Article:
Long Beach Athletes Demonstrate Mettle at Olympics

Long Beach Athletes Demonstrate Mettle at Olympics

Resilience and pride fuel local contingent in Brazil

By Matthew Gozzip   Athletics Editor

The Port of Long Beach is one of the largest shipping bays in the world, responsible for transporting billions of dollars worth of cargo around the globe. 

Over the past month, Long Beach has become known for more than just moving storage containers. 

The city also recently began a trading partnership with the port of Rio de Janeiro in Brazil to export a unique kind of freight: Olympic athletes.

Over a dozen coaches and athletes with connections to Long Beach competed in the XXXI Olympiad this summer across several sports. 

“Team Long Beach” achieved a resounding amount of success while representing their city with character and class.

The U.S. women’s water polo team captured gold with the help of several athletes who have roots in Long Beach.  

Attacker Courtney Mathewson, a former assistant coach at LBCC, tallied four goals in the tourney and is reportedly is interested in returning to the Vikings staff. 

The head coach of the aforementioned Vikings, Chris Oeding, took a leave from his position as dynasty foreman (six state titles in 14 years at LBCC) to be an assistant coach for the women’s national team. 

There was a lot of hype surrounding the U.S. men’s water polo team, a squad ranked in the top five in the world. 

Tony Azevedo, a global water polo legend who grew up in Long Beach, captained the U.S. to a 2-3 record in the competition, scoring five goals at the helm of the team. 

Though it was not a favorable outcome for the U.S., Azevedo led his team to a win in their final game despite being eliminated from advancing to the next round. Azevedo, who was born in Brazil, became the first five-time Olympian for the US in the sport, cementing his legacy as one of the greatest water polo players of all time.

 Tony was not the only Azevedo who participated in the festivities. Ricardo Azevedo, Tony’s father, coached China’s women’s water polo team to a 1-4 record in the Olympics.  

The elder Azevedo is regarded as a premier coach around the world having coached the U.S. men’s national team at one point and for our very own LBSU men’s team. Ricardo is also an alumnus of The Beach who arrived at the university in the late 1970s as part of a student exchange program.

The LBSU coaching ties are intricate all across the field and across many sports, including track and field. 

LaTanya Sheffield, the track coach for the LBSU sprints and relays teams, helped the U.S. women’s hurdles team swept the medal podium in the 100m hurdles.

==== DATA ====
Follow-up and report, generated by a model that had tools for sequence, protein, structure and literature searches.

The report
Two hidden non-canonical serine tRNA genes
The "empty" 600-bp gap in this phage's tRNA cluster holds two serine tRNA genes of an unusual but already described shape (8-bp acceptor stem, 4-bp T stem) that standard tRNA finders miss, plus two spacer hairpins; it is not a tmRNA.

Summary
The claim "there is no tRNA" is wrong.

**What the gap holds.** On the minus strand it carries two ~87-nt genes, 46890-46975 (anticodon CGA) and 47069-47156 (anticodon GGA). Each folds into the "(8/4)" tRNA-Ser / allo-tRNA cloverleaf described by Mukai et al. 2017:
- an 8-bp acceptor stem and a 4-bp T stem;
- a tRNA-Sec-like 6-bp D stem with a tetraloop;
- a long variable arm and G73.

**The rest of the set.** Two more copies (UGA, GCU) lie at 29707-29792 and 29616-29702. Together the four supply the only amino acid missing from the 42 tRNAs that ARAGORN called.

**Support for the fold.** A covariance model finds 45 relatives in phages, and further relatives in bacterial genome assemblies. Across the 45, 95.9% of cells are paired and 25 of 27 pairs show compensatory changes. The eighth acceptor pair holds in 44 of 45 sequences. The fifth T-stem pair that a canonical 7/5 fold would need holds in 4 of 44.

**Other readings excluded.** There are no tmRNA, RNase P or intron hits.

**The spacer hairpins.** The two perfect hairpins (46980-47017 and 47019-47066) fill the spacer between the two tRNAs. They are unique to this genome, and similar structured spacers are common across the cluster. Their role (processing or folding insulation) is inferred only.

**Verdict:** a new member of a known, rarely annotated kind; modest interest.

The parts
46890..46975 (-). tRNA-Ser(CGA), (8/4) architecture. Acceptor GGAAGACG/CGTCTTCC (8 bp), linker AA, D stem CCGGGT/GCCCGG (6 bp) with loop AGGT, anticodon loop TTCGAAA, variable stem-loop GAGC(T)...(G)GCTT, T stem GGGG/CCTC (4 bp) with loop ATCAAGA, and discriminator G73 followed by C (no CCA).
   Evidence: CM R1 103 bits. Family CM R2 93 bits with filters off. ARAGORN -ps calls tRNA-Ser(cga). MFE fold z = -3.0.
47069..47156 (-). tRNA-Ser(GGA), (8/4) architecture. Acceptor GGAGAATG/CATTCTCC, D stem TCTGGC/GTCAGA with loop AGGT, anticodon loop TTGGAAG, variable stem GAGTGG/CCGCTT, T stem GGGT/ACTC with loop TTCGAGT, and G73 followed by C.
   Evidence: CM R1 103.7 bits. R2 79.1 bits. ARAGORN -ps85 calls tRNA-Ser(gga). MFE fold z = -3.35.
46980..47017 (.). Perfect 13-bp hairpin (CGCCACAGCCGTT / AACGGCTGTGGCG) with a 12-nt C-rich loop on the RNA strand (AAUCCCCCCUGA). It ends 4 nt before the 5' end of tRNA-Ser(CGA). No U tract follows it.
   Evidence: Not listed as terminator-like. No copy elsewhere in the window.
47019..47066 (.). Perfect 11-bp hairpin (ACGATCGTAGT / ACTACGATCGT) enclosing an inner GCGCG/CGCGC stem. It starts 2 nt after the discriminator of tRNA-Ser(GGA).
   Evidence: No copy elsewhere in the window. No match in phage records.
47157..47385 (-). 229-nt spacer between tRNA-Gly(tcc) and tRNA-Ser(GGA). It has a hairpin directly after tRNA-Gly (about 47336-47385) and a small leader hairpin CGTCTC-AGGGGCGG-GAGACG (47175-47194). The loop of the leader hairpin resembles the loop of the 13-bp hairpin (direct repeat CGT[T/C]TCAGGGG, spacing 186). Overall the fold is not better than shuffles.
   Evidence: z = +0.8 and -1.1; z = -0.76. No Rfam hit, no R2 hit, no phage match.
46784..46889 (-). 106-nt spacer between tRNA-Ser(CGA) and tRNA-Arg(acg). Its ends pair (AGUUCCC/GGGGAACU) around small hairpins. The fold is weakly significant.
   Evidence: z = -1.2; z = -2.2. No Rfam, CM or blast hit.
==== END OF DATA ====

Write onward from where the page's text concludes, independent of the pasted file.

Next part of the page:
On top of that, Sheffield was a main component in pushing the women’s 4x100 relay team to gold in a tightly contested race. Sheffield will be returning to her position for The Beach for the next track season.

 Tyler Hildebrand will also be returning to his position as associate head coach for LBSU volleyball after serving as coach for the beach duo of Jake Gibb and Casey Patterson. Gibb and Patterson went 0-2 and were eliminated early in the competition. 

Hildebrand, a former all-American for the 49ers, returns to Long Beach without a win but gained coaching acumen that can be utilized to assist head coach Alan Knipe.

Alexis Crimes hasn’t had the same amount of success as these other Olympians. In fact, she has never qualified for an Olympic team. Crimes was cut from the national team four years ago only weeks from the 2012 Olympics. 

In a turn of luck, she was inversely called up to team a couple weeks before the start of the 2016 Olympics. Crime stayed resilient and has been rewarded with an opportunity to represent the United States. 

She is now an alternate for the U.S. women’s volleyball team at middle blocker. Even though she is not a guaranteed rotational player, Crimes has taken the experience in stride and proved that opportunities will be given if you work hard enough, no matter how rare they are.

Long Beach is much more than a shipyard, city streets or a strip of sand. 

It is a complex society of individuals from around the world, pieces of culture and people delicately constructed into a mosaic that reflects magnificence and beauty when the occasional light is shined upon it. 

The motto of Long Beach is “the International City” and the athletes competing in the 2016 Olympics have been able to share this with people around the world.

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